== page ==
broaden. Ground through your heel to anchor your leg.
Outer Spiral of the Front Leg: Bend your right knee
slightly and lift your toes, lifting the arches of your foot.
Feel how, as you lift the inner arch of the foot with Muscular
Energy, the inner knee firms and lifts too, bringing your kneecap more in line with the center of your foot as
your outer hip moves back and in toward the midline of the body, bringing your right sitbone more in line with
your right heel and knee.
Notice that as you increase the Outer Spiral of the front (right) leg, you naturally increase the Inner Spiral of the
back (left) leg to accommodate the Outer Spiral of the front leg. Overall, the two Spirals create more space in
your hips, allowing you to fold deeply into the pose as you take the pose.
As you inhale, firm your thighs, hugging the muscles to the bone and drawing energy up through your thighs
into your lower belly and hips. Use that lift to lengthen upward through your spine.
Keeping both sides of your torso equally extended, fold at your right hip to take Trikonasana, extending your
upper body out over your right leg. In the full pose, your right hand comes down to the floor to the outside of
your foot; if this is too far to bend, bring your hand down to your shin, placing it there lightly, or to a block to
the outside of your foot.

Making the Spirals Work for You in the Pose


As mentioned earlier, a general principle is that the back leg usually needs to spiral in more, while the front leg
usually needs to spiral out more.
Notice that the Inner Spiral of your left leg (i.e. your back leg) your outer hip wrapping forward as your inner
thigh spirals back allows you to move deeply into the pose while keeping your upper body in line with your
right leg. To increase the Inner Spiral, slide your heel further back, pivoting on your big toe mound; feel how
this turns your hips slightly as your thigh spirals inward, giving you greater freedom to fold more deeply over
your right leg.
By the same token, if you feel any compression in your right hip or pulling at the inside of your right knee, the
Outer Spiral of your right leg (i.e. front leg) reduces the pulling at the back of your knee while opening your
hip. To spiral the thigh out, bend your right knee slightly, draw Muscular Energy from your inner knee toward
your outer hip and spiral your right thigh out, opening it out laterally until the center of your heel, knee and
right sitbone are in line with each other. Then re-extend your leg. (These actions in Trikonasana will be further

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Doug Keller 2001-2003, all rights reserved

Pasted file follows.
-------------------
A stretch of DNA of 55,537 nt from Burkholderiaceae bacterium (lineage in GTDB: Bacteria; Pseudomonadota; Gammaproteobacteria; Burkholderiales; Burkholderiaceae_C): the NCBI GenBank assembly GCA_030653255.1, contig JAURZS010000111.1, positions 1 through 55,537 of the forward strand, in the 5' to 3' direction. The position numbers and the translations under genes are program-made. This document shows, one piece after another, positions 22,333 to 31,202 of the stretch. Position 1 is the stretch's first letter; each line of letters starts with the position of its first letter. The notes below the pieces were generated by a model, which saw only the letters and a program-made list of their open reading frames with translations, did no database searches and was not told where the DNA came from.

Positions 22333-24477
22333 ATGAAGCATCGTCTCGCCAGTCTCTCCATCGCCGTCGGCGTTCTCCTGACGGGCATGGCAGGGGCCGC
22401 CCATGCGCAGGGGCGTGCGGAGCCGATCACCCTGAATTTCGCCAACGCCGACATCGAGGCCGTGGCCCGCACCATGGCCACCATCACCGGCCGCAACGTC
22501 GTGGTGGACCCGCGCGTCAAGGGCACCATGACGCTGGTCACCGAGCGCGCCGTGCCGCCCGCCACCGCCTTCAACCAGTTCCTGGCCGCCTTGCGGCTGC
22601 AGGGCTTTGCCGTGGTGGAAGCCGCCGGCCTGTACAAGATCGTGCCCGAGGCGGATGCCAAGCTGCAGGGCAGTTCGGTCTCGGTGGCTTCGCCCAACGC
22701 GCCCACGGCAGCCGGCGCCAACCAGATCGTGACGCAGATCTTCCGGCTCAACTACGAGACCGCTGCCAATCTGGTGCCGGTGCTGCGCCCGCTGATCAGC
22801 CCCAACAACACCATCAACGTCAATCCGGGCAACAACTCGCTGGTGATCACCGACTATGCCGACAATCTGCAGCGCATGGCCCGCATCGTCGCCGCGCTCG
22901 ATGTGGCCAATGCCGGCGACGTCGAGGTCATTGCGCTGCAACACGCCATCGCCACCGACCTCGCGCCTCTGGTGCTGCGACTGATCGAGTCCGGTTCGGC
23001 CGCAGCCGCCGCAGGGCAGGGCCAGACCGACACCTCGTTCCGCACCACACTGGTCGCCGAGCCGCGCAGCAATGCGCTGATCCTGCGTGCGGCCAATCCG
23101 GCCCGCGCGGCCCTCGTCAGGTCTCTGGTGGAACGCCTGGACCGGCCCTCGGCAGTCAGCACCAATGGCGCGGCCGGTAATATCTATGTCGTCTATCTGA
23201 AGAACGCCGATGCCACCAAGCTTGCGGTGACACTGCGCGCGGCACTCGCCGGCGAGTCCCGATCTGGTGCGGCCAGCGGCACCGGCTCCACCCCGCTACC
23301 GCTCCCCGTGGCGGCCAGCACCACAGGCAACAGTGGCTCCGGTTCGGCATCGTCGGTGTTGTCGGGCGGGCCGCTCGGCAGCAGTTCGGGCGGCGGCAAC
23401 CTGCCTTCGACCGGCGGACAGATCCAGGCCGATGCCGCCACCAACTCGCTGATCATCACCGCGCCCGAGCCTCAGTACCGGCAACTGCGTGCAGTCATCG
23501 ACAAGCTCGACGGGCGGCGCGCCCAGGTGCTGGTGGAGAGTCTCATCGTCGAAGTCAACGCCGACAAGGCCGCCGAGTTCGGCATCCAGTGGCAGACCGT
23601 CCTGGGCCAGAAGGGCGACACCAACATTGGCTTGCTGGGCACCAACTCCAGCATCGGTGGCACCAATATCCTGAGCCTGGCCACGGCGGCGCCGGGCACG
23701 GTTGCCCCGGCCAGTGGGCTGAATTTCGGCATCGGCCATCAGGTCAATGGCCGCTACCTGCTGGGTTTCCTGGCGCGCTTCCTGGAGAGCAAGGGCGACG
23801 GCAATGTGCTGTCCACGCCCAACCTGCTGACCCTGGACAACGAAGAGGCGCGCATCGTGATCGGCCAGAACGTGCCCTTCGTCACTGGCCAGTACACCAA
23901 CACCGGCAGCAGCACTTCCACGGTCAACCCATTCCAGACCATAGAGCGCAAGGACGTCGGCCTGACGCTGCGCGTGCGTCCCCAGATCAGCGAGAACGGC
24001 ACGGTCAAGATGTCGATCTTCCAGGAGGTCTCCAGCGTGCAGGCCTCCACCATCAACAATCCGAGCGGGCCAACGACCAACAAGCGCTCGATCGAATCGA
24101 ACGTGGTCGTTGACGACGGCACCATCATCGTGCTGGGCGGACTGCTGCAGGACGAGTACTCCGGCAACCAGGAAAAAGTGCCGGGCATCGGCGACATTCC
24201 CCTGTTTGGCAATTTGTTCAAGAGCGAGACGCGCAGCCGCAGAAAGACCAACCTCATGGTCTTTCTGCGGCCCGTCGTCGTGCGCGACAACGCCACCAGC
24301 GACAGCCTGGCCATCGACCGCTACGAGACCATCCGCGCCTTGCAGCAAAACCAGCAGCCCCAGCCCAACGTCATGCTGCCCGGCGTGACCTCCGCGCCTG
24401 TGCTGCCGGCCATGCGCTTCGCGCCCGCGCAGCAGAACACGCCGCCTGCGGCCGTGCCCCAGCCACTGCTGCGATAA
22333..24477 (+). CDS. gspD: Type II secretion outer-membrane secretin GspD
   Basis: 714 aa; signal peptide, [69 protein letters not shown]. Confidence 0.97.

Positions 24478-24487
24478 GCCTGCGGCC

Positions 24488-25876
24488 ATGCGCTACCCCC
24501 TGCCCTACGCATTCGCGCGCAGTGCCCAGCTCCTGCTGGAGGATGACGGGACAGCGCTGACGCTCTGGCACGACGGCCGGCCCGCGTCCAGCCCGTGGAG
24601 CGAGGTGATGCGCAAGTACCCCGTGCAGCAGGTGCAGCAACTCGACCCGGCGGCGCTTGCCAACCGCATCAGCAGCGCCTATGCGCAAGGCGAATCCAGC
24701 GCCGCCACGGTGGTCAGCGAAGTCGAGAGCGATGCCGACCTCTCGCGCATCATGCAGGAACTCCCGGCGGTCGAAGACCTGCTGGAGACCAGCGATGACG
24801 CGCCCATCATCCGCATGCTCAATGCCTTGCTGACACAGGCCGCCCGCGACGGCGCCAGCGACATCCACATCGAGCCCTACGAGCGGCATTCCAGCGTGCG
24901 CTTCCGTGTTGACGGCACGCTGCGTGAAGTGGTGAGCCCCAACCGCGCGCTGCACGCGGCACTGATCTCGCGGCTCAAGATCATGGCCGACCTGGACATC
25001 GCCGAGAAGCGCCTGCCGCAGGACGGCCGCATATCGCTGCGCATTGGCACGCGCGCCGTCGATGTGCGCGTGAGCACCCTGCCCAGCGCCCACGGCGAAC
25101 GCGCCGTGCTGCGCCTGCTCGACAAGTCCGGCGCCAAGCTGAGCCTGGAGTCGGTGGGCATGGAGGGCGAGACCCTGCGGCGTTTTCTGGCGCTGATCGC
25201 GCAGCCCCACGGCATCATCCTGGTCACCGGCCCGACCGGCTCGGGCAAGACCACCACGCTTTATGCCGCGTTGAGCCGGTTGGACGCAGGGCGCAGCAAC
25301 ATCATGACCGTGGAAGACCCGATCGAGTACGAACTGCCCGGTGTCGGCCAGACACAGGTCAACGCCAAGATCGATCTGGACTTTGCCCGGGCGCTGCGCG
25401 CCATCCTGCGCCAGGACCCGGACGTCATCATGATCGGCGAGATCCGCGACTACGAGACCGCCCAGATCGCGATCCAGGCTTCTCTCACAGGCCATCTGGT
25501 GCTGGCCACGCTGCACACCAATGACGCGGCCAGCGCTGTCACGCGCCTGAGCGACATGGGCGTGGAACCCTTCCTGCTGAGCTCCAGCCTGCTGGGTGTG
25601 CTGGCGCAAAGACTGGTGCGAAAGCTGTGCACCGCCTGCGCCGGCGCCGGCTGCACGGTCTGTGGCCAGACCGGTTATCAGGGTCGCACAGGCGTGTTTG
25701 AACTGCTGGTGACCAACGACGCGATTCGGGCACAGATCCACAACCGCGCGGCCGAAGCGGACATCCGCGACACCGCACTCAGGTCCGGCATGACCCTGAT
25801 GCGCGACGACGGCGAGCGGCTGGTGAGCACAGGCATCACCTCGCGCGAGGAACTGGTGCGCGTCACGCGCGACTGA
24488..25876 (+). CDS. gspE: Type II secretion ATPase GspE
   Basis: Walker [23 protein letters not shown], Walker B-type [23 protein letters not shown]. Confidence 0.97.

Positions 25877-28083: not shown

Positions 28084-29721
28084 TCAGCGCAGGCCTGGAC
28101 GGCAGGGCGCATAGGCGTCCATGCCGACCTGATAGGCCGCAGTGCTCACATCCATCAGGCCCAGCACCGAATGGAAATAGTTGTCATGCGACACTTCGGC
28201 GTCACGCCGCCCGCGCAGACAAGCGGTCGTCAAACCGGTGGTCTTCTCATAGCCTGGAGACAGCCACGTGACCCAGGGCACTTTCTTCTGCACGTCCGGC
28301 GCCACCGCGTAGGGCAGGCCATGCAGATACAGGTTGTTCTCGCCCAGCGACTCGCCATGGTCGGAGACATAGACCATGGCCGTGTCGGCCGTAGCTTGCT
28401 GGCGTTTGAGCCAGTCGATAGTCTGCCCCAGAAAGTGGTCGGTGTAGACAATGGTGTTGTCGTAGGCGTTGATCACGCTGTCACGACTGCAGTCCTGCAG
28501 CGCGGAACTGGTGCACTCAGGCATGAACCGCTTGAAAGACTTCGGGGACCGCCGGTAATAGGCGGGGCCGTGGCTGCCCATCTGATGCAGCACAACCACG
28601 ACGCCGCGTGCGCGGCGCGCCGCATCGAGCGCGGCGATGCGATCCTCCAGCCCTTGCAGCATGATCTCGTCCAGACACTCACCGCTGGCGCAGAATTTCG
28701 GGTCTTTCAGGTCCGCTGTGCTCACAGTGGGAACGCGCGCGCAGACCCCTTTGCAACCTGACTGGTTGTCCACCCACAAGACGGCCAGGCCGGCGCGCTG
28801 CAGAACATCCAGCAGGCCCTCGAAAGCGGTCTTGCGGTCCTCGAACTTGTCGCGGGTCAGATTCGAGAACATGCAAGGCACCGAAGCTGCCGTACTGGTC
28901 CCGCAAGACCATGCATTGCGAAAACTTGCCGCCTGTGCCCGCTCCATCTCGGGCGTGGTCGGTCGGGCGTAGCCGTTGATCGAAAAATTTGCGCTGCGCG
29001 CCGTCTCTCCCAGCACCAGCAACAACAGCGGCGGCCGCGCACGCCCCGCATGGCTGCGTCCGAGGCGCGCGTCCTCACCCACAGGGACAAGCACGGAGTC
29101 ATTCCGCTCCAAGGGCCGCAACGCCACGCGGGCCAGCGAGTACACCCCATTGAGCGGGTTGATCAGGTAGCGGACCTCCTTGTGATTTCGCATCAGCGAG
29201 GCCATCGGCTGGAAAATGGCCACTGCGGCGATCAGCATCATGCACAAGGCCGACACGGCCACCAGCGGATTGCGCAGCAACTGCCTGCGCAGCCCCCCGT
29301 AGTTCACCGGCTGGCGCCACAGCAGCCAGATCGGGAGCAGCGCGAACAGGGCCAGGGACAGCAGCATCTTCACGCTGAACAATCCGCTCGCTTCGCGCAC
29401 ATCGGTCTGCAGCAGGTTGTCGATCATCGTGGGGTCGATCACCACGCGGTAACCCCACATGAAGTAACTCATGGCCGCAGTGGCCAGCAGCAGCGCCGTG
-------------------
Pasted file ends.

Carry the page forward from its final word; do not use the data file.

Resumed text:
explained in the section Refining the Spirals: Working from your Foundation and again in the sections later in
this book, Shin Loop Revisited and Thigh Loop Revisited)
Completing the Outer Spiral: maintaining the Inner Spiral particularly of your left leg firm at the core of
your pelvis as you lengthen through your tailbone; firm the tops of your buttocks and lengthen from your
waistline toward your sitbones, scooping your tailbone down and in. Your Hip Points will lift and broaden as
you extend down through your outer heels, spiraling your thighs out, as your spine unfurls and extends in the
pose.
Organic Extension: As you scoop your tailbone to spiral energy out and down through your legs into the earth,
feel how this action grounds you firmly through your legs to your heels. This gives you the freedom to turn your
chest as you lengthen through your spine to the crown of your head.
Square your shoulders so that your bottom arm extends straight down. Draw your top shoulder back, opening
your heart, and extend your arm upward, aligning your top arm with the bottom arm. Notice that the two spirals
leave your hips turned at a slight angle; as you firm at your core, you
need to bring a slight twist into your spine to open your upper body
fully in the pose, bringing your left shoulder back and in line with your
bottom (right) arm.
Look directly forward and draw your shoulders back, firming your
shoulder blades onto your back to lift and open your heart. Keeping the
back of your neck long and extended, turn your head to look up toward
your hand. Extend from your heart through both arms evenly.

On whether the hips should be square to the front or in the


same plane in lateral standing poses:
The hip opening in poses such as Triangle, Warrior II, Half Moon and
so on, is often conceived in terms of opening the back-leg hip by
externally rotating the leg to take the hip back in line with the front-leg
hip, as if pinning it back against a wall. But this, if not anatomically
impossible, is at least not very good or beneficial body mechanics. To attempt to open the hips in a lateral
standing pose by bringing both hips into the same plane has the effect of jamming the sacral (SI) joint and hip
joints, not to mention its detrimental effect on the iliacus and psoas muscles, and tendency to tighten and pull
the inner groin of the back leg.
Instead, the Inner Spiral prepares the way for a genuine opening by wrapping the hipbone forward toward the
front body as the inner thigh spirals inward toward the back body. Through Muscular Energy, this joins the
action of the thigh with the movement of the hipbone, so that with the expansion of the inner thighs away from
the midline comes also the balanced expansion of the pelvis. Thus the true opening or expansion comes with